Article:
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“The Tubman Command” by Elizabeth Cobbs

Genre:         Historical FictionTubman
Publisher:    Skyhorse Publishing
Pub. Date:   May 21, 2019

Mini Review

The author of “The Hamilton Affair” has written another interesting historical novel, “The Tubman Command.”  In this flawlessly researched novel, one learns of the lesser known heroic deeds of the black icon Harriet Tubman AKA Moses.  Most people have heard of Tubman for engineering the Underground Railroad and smuggling fugitive slaves from the South to the North.  This novel veers away from that part of her life and instead concentrates on her lesser known missions as a spy for the Union army.  Her efforts helped turn the tide during the Civil War, which, as of May 1863, the North was losing.  Cobbs keeps the writing authentic in many ways, such as using the long-forgotten dialect of the Africans living in Hilton Head Island located in South Carolina.  This is where Tubman and her scouts locate Rebel underwater mines.   Adding to the appreciated realism, each chapter begins with an actual and often moving quote from a general, colonel, scout or slave regarding Moses’ extraordinary talents.  The author shines brightest when she brings focus to the human side of the famous woman.  The story fluctuates between Harriet’s determined dedication to freeing people from slavery and her sense of burden and loss in her personal life.  She left her first husband to pursue her own freedom and outlived her second husband.  The author allows her heroine a love affair, which she admits in the endnotes to be pure fiction. This sexual relationship may not have been needed other than as a means to reach an audience who simply want romance in their stories.  Still, Cobbs emphasizes that, although her real-life protagonist was a lonely woman, she knew she was equal, or more probably, superior to any man, black or white.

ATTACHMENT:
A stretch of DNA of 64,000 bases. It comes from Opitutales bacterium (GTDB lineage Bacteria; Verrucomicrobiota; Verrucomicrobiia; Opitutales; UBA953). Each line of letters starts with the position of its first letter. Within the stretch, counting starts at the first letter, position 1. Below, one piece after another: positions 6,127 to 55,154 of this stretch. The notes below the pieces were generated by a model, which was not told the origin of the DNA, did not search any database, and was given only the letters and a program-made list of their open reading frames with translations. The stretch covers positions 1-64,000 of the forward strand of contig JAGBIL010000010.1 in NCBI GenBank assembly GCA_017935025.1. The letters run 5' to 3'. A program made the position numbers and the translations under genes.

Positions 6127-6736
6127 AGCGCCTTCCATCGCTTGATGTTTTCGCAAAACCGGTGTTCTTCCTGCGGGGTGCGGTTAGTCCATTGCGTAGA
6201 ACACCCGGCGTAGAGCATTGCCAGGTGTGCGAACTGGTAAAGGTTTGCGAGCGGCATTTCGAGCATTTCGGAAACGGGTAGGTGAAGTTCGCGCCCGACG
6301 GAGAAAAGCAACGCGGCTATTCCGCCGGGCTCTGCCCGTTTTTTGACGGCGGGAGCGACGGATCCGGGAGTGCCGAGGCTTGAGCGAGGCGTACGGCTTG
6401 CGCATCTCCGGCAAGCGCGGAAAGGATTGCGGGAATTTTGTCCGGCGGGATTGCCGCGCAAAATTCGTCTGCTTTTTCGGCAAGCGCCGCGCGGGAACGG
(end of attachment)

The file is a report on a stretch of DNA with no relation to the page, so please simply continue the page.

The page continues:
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“The Pandora Room” by Christopher Golden

(On a personal note, my husband is weak as a kitten but home.  Once again, thanks for all the support.)

Genre:         Mystery & ThrillersThe Pandora room
Publisher:    St. Martin’s Press
Pub. Date:   April 23, 2019